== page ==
Klout: Do You Have Enough Influence to Get the Job?
I’ve got this little secret. It’s totally embarrassing. And I’ve kept it under wraps since roughly the end of 7th grade. It’s the kind of nightmare scenario you just want to forget. (And really hope everyone else does, too.) They make movies about this brand of teenage atrocity and it usually ends with someone choking on a jawbreaker or drinking Drano.
I tried out for cheerleader.
And didn’t make it.
I grabbed for the brass ring in a protracted herky and fell short. Quite miserably I might add. My dreams of cheering, bouncing, and prancing the halls on Fridays in a cute little skirt were dashed on that unceremonious afternoon in the junior high gym.
At the time, what I didn’t realize (other than the judges were chosen by school board members who all had the daughters that DID make cheerleader) was that I didn’t care all that much about being a cheerleader. Other than the cute skirts. I was never really afraid of being left out or picked on or ignored if I wasn’t one.
What I was afraid of was not having influence.
Of course in the 7th grade, influence was just another spelling bee word. I didn’t sit around my bedroom outlining strategic plans to increase my influence. I just knew in my limited 13 year-old brain that if you wanted to be heard and respected, you needed to be a cheerleader.
You needed to be someone that people follow, admire, talk about, and emulate.
Fortunately, my desire for pee-wee pep rally fame was quickly replaced by the discovery of track, basketball, photography, yearbook, theatre, and the debate team. My high school career played out like the opening scene from Wes Anderson’s Rushmore. In a pubescent haze I must have thought the only way to make up for not being a cheerleader was to be everything else.
But then we grow up. And we realize being popular doesn’t define us. It’s all the other things that reflect our value.
And then we wake up and realize life isn’t nice and neat like an after-school special. This is the real world. And dammit, popularity matters.
So forget whatever they’ve told you. The world runs on influence. Which of course is fueled by popularity. And if you’re not building yours, you might as well hang with the slackers smoking behind the band hall. (That’s the world talking, not me.)
Now you might ask, “Who really cares?”
Employers are starting to consider Klout scores in the job screening process.
At a recent Klout-Up in NYC, an HR recruiter was overheard talking about how they’re starting to use Klout to evaluate job applicants. When questioned by a Klout employee, the recruiter said they were using a score of “around 30″ as a gauge of minimum influence.
Yeah. Not only are they looking at your resume, Linkedin, Google footprint, Facebook activity, and Twitter feed… they’re also looking at where you stand in the social influence hierarchy.
So you can add one more thing to the expanding number of balls you need to juggle to maintain your “personal brand.”
Who’s Doing It, Who’s Not
Do you really need to worry about your Klout score? Could it really help you get a job or possibly keep you from getting one? I interviewed a handful of leaders from the ad industry and social mediasphere.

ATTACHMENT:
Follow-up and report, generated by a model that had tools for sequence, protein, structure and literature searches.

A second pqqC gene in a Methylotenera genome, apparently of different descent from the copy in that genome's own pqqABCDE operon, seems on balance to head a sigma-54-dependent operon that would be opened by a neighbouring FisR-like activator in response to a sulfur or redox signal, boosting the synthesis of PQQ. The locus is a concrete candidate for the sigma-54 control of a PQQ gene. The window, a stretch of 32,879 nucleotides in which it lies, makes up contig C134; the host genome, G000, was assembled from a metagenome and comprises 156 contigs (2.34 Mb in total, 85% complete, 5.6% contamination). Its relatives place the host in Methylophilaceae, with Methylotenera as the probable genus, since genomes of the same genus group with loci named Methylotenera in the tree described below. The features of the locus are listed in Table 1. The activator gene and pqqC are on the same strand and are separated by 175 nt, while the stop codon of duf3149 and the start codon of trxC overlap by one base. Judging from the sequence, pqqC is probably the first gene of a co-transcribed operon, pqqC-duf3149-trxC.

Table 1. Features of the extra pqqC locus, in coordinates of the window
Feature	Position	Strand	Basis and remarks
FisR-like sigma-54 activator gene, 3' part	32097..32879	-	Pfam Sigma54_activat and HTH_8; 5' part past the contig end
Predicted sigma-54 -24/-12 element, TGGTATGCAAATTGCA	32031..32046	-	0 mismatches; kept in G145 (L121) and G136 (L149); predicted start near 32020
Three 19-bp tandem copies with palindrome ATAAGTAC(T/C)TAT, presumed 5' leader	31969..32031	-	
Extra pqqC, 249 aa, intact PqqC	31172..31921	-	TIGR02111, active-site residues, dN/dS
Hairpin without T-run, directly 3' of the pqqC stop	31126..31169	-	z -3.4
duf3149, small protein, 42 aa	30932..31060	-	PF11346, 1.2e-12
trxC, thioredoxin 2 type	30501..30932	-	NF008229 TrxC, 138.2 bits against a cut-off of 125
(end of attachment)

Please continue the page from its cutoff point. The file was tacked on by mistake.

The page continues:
Here’s what they’re saying:
Russell Meyer of Landor says he doesn’t make decisions based on Klout score because of how hard it would be to reduce a full range of competencies down to a single number. But he does say, “as a candidate moves from the HR department into talks with managers in departments, their on-line profile becomes much more important.” Russell said the inclusion of a Klout score in the hiring process would be specific to certain types of new hires, such as strategists and digital directors. He didn’t see junior designers or finance personnel being assessed on their online influence. But for certain types of hires, influence is something Landor examines:
“More than just a single score, we look at thought leadership across social media – blog postings/creation, response, Twitter followers, content, etc. [We] haven’t really landed on any single metric that I think we’d say is perfect, as the world seems to still be trying to figure out what ‘influence’ really means on the web…”
Russell Meyer | Chief Strategy Officer —Landor Associates
Shannon Moorman of R/GA puts a lot of stock into a mobile/social candidate’s online presence and feels the best way to identify candidates is “through their diversity and depth of engagement” in the social media community:
“Often times, we find our candidates through social media sites based on the topics that they’re following and commenting on… We feel the best way to identify these candidates is through their diversity and depth of engagement in the social media community. Do they have a blog, is it insightful and influential? Do they have a strong following on Twitter and do they discuss the latest trends and tools in this medium? Do they leverage their own social media tools for personal or professional use? Is it a way of life for them?”
Shannon Moorman | Director of Recruitment —R/GA
Saatchi & Saatchi
When I asked Tim Leake, Creative Director at Saatchi and Saatchi, New York, he was skeptical of Klout’s ability to accurately score candidates and feels the system is somewhat arbitrary. He says it’s “only good at measuring what it’s built to measure,” and doesn’t put a lot of stock into it because he sees Twitter users that he feels are more influential but who have lower Klout scores.